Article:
bill should be Senate priority
Full consideration should be given to a measure that would
protect the retirement funds of 106 million working
Americans and their families.
Denver Post Editorial
Wednesday, August 2, 2006
With the financial security of 106 million working Americans
and their families at stake, the U.S. Senate is trying to
pass a major pension reform bill before breaking for recess
Friday. Unfortunately, senators are being muzzled by GOP
leaders who are forbidding any amendments to a flawed
The issue strikes close to home because the 2003 bankruptcy
of United Airlines ended defined-benefit pensions for the
carrier's 55,000 employees, including 5,000 in Denver. The
cost of picking up United's pensions along with those of
other bankrupt companies then threatened the solvency of the
Pension Benefit Guaranty Corp., the agency that insures
defined benefit pensions for 44 million workers. The PBGC
reported a $22.8 billion deficit this year.
As passed by the House, the Pension Protection Act of 2006
would strengthen the PBGC and force U.S. companies that have
underfunded their pension plans to bring them to solvency.
Companies underfunded their plans last year by $450 billion,
according to the U. S. Labor Department.
The House also contains good provisions to encourage
"automatic" 401(k) plans that automatically enroll employees
unless they specifically opt out. The bill also would make
the Savers Credit permanent and index it to inflation. That
tax credit rewards 401(k) and IRA savings by moderate- and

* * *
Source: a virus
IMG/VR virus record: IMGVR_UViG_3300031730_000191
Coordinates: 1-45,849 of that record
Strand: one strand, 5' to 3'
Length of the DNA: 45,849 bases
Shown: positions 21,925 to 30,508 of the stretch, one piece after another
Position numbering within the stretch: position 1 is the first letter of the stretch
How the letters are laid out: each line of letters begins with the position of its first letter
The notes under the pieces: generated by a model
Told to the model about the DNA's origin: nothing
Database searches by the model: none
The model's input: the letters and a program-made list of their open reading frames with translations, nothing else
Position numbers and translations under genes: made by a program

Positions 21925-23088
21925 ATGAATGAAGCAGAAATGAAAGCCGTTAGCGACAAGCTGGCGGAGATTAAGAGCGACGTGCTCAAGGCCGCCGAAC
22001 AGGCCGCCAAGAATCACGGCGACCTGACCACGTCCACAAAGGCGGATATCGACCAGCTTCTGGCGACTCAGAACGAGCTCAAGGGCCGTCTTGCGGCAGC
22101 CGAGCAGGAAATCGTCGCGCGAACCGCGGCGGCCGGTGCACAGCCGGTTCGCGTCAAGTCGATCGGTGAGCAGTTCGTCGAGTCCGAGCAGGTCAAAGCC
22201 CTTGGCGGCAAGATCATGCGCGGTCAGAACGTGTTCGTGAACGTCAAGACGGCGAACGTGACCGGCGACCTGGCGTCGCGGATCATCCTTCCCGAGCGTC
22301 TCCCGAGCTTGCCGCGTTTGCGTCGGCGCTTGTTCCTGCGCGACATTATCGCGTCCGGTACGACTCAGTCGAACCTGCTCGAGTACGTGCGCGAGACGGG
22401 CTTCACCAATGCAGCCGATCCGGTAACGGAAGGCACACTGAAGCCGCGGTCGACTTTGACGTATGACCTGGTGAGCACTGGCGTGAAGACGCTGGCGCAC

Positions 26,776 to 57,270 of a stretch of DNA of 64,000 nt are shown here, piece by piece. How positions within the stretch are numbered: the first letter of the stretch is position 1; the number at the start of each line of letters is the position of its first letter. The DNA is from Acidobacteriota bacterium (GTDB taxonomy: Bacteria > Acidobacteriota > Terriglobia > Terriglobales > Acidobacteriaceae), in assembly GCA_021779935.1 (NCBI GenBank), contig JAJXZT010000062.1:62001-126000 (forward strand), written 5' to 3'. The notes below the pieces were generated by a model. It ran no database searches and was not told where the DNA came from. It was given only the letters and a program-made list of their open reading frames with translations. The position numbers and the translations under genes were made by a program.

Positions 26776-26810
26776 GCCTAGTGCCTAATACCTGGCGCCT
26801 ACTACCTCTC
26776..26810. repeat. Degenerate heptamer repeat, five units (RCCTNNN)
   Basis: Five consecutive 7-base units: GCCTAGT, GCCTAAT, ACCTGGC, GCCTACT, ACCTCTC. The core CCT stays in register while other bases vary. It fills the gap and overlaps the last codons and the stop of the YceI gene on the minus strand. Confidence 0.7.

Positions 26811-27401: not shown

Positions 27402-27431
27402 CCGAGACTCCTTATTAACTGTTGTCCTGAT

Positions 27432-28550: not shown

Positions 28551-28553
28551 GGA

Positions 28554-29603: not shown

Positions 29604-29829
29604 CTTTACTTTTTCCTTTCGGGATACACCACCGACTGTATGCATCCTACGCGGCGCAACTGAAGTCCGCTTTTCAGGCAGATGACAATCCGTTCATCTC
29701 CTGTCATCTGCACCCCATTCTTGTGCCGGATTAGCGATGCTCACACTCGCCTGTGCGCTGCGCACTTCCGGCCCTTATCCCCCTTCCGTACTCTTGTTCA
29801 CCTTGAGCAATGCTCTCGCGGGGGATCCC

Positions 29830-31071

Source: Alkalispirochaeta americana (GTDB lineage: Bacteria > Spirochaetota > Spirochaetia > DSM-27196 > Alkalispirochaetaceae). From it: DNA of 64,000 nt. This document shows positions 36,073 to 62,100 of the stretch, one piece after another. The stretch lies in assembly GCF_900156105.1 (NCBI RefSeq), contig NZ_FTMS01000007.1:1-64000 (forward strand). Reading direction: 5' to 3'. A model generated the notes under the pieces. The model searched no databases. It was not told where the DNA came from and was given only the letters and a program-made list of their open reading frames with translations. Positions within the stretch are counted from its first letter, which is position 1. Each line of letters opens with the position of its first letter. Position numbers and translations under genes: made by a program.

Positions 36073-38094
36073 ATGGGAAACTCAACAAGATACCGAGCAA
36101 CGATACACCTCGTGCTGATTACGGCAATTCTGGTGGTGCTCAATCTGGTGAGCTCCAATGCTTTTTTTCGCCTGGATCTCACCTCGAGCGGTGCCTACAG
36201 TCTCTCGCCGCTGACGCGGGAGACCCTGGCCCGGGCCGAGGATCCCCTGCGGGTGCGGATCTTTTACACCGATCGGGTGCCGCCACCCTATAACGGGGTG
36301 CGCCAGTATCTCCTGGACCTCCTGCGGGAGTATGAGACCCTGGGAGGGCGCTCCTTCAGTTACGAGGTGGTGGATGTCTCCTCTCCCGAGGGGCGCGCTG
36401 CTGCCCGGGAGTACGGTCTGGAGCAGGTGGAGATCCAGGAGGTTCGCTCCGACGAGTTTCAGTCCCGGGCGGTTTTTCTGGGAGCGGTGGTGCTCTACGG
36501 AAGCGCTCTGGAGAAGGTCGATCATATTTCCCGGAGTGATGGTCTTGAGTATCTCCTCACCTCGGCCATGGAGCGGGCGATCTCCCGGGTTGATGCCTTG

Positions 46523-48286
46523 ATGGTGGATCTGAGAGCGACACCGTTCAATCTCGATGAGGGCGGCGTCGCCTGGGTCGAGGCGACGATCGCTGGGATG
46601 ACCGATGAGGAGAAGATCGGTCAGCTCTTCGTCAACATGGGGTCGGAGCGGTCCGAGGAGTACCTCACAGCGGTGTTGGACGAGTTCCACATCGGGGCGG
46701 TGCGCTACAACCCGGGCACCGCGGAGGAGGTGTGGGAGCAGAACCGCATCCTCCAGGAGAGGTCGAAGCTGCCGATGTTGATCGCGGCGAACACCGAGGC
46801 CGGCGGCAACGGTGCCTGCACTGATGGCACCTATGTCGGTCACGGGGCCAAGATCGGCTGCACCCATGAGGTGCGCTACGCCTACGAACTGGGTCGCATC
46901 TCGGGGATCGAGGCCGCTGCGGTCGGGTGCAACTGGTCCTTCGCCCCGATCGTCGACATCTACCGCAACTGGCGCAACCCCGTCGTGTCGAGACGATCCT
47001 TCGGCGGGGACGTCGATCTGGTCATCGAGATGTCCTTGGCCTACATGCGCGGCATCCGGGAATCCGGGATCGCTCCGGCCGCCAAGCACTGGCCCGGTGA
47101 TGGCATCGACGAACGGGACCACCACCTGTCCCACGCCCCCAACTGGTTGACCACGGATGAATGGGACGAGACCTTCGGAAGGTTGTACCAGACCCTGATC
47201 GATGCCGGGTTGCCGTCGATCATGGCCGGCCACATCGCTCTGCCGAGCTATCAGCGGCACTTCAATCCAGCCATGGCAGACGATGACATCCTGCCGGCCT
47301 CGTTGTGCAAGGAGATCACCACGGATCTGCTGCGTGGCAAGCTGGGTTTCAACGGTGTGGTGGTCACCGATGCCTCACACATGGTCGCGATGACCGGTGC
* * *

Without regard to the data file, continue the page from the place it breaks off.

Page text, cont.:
lower-income workers and is used by more than 5 million tax
filers each year.
Alas, the House measure also contains an unfair provision
that gives some airlines, including Delta and Northwest, 17
years to pay underfunded pension obligations. American and
Continental, which would have to bring their pension funds
to full funding in just 10 years, have protested that
double-standard puts them at a competitive advantage.
Senate Majority Leader Bill Frist wants a vote on the
pension bill by the end of the week -- prior to a five-week
summer recess -- and some supporters say the Senate could
deal with the disparity in airline pensions and other
problems in a separate bill after they return.
To the contrary, the bill is one of the most important to
come before Congress this year, and it should have the
Senate's full attention. It's unfair to force a vote
without allowing for amendments.
Frist earlier attempted to tack an estate tax cut for
multi-millionaires into the Senate pension bill, before
conspiring with House leaders to add the tax items to the
minimum wage bill that lurched through the House last week.
He seems unable to proceed in a straightforward manner.
Pension reform is too vital to be a mere ornament in a
special-interest Christmas tree. The Senate should give
full consideration to Pension Protection legislation and
resolve any differences with the House.